Syla and Veseli held top posts in the KLA and the political party that succeeded it and forms the current government, the Democratic Party of Kosova.

Both men are suspected of involvement in trafficking in human organs and murder. The newspaper says the German secret service listed them in 2005 as important figures in organised crime in Kosovo.

The SonntagsZeitung added that neither Syla, who has been reelected to the Kosovo parliament, nor Veseli hide the fact that they live in Kosovo. […]

The upshot, from this month:

Court expels Kosovan politician (March 1)

A Swiss court has issued an expulsion order against a former commander of the Kosovo Liberation Army (KLA) who it said should never have received a residency permit.

Azem Syla, a Kosovan parliamentarian and former defence minister, was granted asylum in Switzerland in 1994 and received a C permit in 1999.

But the Administrative Court of Solothurn ruled that as defence minister Syla should never have left his country during a time of war. It ordered he leave Switzerland by May 15.

The court said Syla had violated a series of laws in Switzerland, including serious abuse of the social security system, according to the written judgment obtained by the Swiss News Agency.

Unable to work because of a physical condition, Syla received some SFr425,000 ($469,000) in social security payments between 2002 and 2011. The payments were stopped last year when authorities became aware of his position as a Kosovan parliamentarian.

Syla has also been accused of trafficking in human organs and murder during his time with the KLA. He is additionally accused of having ordered the execution of his rivals at the end of the war in 1999.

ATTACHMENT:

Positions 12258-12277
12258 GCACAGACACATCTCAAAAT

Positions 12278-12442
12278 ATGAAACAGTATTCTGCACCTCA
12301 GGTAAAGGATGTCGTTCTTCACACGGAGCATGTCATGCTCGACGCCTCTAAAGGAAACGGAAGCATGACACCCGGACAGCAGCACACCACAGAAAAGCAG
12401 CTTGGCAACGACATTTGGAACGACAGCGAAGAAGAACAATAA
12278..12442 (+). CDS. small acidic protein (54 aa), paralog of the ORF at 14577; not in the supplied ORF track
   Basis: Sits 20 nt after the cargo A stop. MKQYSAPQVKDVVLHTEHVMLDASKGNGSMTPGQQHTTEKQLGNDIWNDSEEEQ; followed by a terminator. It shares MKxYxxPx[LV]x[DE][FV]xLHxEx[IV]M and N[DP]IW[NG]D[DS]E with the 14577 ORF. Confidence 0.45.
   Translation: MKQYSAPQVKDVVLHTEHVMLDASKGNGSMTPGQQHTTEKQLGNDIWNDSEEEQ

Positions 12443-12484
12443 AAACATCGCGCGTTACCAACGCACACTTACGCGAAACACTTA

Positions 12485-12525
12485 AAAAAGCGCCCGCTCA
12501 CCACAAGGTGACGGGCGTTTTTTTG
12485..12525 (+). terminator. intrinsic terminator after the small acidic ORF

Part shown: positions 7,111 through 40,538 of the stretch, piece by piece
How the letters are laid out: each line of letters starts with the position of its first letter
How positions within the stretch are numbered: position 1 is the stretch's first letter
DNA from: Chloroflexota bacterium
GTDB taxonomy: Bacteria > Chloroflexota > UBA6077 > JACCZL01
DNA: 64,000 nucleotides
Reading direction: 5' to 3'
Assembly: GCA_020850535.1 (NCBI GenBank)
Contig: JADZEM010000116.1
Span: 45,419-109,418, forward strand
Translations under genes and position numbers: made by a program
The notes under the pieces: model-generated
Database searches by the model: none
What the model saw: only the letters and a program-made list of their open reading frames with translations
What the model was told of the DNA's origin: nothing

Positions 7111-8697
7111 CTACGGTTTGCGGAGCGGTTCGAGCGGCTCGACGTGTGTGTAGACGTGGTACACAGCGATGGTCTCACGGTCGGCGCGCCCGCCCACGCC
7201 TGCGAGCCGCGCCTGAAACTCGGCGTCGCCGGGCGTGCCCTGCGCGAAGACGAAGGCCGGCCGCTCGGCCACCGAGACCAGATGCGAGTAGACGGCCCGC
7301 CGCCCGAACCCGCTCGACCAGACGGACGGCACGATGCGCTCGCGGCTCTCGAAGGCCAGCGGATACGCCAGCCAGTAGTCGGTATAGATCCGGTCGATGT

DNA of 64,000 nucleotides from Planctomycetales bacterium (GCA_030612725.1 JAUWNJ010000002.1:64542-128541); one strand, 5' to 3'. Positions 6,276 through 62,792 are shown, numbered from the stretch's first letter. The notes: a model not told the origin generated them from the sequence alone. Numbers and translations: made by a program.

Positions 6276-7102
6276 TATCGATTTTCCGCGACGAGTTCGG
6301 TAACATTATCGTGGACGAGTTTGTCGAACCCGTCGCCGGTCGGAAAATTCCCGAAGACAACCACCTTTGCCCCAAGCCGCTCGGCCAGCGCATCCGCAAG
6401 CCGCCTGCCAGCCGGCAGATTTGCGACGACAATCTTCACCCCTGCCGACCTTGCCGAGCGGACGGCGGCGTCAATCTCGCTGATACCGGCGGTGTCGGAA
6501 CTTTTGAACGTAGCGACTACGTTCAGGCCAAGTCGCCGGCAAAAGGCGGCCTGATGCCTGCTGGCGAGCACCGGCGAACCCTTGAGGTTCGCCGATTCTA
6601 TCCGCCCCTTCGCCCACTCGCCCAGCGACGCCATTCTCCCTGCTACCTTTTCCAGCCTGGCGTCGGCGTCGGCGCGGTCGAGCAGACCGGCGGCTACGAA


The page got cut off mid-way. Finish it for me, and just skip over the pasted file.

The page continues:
Now, if Syla’s name sounds familiar, it’s because he was featured in the 1999 article below by Chris Hedges in The New York Times — an article that emphasizes, as usual to no effect in policy, public outrage or media follow-up — this very execution that the Swiss media are understated-ly reminding us of.

I easily found the old article below in my files, because I’d tagged the subject line “Hedges: Thaci Executes his Rivals; KLA to be Modeled on the National Guard.”

Leaders of Kosovo Rebels Tied to Deadly Power Play
By CHRIS HEDGES, June 25, 1999

The senior commanders of the Kosovo Liberation Army, which signed a disarmament agreement with NATO, carried out assassinations, arrests and purges within their ranks to thwart potential rivals, say current and former commanders in the rebel army and some Western diplomats.

The campaign, in which as many as half a dozen top rebel commanders were shot dead, was directed by [now prime minister] Hashim Thaci and two of his lieutenants, Azem Syla and Xhavit Haliti, these officials said. Mr. Thaci denied through a spokesman that he had been responsible for any such killings.

Although the United States has long been wary of the Kosovo Liberation Army….after the war, the United States and other NATO powers have effectively made Mr. Thaci and the rebel force partners in rebuilding Kosovo. The agreement NATO signed with Mr. Thaci, for example, envisions turning the rebel group into a civilian police force and leaves open the possibility that the Kosovo Liberation Army could become a provisional army modeled on the United States National Guard.

[Done and done and done. Except the National Guard isn’t murderous to ethnic minorities as the KLA is. Unless it’s in Kosovo, of course, where it’s been modeling itself after the KLA.]

While none of the rebel officials interviewed saw Mr. Thaci or his aides execute anyone, they recounted — and in some cases said they had witnessed — incidents in which Mr. Thaci’s rivals had been killed shortly after he or one of his aides had threatened them with death.

Remembering the beginning of fighting more than a year ago, Rifat Haxhijaj, 30, a former lieutenant in the Yugoslav Army who left the rebel movement last September and now lives in Switzerland, said: ‘’When the war started, everyone wanted to be the chief. For the leadership this was never just a war against Serbs — it was also a struggle for power.'’

The charges of assassinations and purges were made in interviews with about a dozen former and current Kosovo Liberation Army officials, two of whom said they had witnessed executions of Mr. Thaci’s rivals; a former senior diplomat for the Albanian Government; a former police official in the Albanian Government who worked with the rebel group, and several Western diplomats.

The Western diplomat in the Balkans said, however, that Mr. Thaci’s ruthless tactics are legendary in the region.